Earlier this year the National Climate Assessment for Illinois was released, tracking the historical changes in temperatures and precipitation in Illinois. You can find the full report for Illinois and other states at the State Climate Summaries website.
Here is Key Message #1
Average annual temperature has increased by about 1°F since the beginning of the 20th century. There has been seasonal variation in this warming, with average spring temperature increasing by about 2°F and average summer
temperature increasing very little. Under a higher emissions pathway, historically unprecedented warming is projected by the end of the 21st century.
Key Message #2
Precipitation in spring and summer has generally been above average over the past two decades, affecting agriculture in both positive (adequate soil moisture) and negative (delays in spring planting) ways. Precipitation in winter and spring is projected to increase, which poses a continuing risk of spring planting delays.
Key Message #3
Severe flooding and drought have occurred periodically in recent years. Future increases in extreme precipitation events and in evaporation rates may increase the intensity of both floods and droughts.
You may notice that two out of the three messages relate to increases in precipitation and especially heavy rainfall events. The graphic I found most compelling was this one for the increasing number of 2-inch rain events with time. The caption explains how this graph was created. The increased frequency in 2-inch rain events seen since the early 1980s lines up very well with my experience and research over the years in Illinois.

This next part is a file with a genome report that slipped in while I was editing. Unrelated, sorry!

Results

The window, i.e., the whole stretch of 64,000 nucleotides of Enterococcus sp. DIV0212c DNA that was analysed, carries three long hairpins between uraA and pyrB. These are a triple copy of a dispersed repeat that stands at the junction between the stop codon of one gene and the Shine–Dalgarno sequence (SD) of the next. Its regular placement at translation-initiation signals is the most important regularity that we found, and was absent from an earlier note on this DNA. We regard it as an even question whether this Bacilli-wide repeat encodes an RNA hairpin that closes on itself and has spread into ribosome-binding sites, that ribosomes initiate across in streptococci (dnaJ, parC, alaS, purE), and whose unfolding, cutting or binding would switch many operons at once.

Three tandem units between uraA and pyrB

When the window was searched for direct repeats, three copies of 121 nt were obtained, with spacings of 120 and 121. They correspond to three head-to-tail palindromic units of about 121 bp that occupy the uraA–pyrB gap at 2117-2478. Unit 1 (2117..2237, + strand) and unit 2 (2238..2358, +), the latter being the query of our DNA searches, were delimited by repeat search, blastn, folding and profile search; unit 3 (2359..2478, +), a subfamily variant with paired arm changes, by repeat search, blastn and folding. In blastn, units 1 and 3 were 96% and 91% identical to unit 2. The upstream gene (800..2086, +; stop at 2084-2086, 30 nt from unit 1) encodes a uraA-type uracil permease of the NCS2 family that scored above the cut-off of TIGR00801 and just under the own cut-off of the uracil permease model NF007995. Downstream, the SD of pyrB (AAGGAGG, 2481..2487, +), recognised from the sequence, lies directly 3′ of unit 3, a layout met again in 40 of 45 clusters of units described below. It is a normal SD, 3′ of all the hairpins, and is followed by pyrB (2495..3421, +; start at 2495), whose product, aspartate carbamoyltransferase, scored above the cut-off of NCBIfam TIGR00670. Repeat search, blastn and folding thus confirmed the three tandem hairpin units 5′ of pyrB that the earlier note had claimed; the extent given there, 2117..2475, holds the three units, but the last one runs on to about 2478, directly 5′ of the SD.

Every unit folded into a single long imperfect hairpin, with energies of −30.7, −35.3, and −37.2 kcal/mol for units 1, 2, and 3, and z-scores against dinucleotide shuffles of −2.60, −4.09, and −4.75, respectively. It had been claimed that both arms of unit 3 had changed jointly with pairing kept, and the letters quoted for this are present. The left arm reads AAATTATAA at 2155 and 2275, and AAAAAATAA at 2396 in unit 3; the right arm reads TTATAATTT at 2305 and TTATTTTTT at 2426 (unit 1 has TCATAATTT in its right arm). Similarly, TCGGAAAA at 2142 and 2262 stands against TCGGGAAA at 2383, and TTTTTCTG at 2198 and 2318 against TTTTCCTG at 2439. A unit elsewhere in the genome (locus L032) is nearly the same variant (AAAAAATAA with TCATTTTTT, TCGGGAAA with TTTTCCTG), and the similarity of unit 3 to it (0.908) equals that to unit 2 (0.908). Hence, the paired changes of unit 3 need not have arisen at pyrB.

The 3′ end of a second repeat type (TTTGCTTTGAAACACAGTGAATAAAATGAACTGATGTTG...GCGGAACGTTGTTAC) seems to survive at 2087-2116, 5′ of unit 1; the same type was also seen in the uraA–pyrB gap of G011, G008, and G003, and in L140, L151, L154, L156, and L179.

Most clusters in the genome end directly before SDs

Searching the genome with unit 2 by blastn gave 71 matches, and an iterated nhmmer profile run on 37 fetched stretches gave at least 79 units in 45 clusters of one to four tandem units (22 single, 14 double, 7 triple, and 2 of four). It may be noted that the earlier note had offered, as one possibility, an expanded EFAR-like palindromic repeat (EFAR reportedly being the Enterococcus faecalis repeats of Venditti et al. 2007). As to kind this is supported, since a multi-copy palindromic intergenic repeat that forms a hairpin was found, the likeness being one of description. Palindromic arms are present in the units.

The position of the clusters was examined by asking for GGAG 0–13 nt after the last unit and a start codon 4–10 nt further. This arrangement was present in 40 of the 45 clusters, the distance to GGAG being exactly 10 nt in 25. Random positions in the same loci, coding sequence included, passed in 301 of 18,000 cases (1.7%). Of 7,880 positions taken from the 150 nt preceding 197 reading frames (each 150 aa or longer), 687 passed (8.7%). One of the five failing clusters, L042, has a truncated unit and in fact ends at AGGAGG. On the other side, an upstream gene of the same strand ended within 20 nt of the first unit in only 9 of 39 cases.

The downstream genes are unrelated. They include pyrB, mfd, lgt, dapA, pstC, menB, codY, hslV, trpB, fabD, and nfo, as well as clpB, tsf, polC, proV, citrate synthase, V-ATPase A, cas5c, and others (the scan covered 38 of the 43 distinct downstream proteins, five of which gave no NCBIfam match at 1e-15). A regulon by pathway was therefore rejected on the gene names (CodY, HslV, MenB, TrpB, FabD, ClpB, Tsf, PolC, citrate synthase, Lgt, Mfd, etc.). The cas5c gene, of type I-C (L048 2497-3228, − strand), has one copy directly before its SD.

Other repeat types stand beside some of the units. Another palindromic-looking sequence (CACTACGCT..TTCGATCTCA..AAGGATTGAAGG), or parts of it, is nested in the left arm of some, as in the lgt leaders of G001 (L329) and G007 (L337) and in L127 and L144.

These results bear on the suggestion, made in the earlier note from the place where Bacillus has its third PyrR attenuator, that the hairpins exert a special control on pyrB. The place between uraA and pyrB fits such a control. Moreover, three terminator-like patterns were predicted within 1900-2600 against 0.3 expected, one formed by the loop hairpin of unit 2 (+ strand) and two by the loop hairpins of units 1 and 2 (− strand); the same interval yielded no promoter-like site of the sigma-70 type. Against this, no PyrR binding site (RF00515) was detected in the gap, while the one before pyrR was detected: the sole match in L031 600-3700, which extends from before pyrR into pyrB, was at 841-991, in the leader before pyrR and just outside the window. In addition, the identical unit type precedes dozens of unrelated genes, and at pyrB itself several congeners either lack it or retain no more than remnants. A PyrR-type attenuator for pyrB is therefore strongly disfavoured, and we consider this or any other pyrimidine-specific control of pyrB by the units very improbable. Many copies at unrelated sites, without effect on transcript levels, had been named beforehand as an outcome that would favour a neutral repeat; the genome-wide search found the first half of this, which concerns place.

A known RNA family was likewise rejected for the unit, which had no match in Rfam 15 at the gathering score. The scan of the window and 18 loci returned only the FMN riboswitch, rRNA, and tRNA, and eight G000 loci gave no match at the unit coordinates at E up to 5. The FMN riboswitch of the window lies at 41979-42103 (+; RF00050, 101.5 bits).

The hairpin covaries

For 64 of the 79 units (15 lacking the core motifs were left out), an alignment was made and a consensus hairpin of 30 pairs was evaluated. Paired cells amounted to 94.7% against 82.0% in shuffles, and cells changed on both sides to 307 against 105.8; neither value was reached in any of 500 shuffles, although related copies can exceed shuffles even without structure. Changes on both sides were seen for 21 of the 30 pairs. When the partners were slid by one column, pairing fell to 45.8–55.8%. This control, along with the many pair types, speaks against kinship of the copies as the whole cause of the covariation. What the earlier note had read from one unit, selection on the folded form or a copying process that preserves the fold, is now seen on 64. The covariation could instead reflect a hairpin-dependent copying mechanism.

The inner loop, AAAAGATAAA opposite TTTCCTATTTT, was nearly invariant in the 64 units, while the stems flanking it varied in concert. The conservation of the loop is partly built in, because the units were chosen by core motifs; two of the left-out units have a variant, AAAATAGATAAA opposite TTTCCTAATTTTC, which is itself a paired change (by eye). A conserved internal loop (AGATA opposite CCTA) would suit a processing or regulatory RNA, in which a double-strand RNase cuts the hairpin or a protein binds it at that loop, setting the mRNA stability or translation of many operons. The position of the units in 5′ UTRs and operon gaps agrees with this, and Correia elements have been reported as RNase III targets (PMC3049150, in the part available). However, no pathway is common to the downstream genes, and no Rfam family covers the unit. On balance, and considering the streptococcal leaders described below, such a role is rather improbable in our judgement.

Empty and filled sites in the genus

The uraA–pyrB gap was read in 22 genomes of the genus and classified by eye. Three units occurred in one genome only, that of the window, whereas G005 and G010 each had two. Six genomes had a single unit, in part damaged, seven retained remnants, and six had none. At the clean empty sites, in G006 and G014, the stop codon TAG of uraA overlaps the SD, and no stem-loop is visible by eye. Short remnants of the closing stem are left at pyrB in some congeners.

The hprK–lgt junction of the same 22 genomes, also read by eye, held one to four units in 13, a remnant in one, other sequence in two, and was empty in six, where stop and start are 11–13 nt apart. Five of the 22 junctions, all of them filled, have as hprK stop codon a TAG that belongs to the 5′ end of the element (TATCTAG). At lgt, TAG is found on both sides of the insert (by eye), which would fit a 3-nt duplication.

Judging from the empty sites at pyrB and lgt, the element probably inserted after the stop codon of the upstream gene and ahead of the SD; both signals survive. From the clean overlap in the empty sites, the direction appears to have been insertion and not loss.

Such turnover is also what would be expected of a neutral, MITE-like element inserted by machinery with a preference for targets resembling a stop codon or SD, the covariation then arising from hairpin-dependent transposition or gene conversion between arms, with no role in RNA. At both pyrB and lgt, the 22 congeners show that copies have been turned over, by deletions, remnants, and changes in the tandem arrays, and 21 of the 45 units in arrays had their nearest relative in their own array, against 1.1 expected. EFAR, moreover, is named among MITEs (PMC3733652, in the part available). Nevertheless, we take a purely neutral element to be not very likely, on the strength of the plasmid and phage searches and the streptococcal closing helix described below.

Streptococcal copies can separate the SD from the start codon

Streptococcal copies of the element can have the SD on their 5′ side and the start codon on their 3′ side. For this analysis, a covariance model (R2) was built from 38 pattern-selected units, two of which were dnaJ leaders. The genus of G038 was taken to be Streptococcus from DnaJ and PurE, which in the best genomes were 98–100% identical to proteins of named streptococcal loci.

As shown in this map from the US EPA website, precipitation across Illinois has increased by 10 to 20 percent in the last 115 years. Many of the surrounding states have seen similar increases in precipitation.
As noted in the first key message, Illinois has experienced warming in the past 115 years of about 1 degree F. However, warming has been more pronounced in the northern and western states.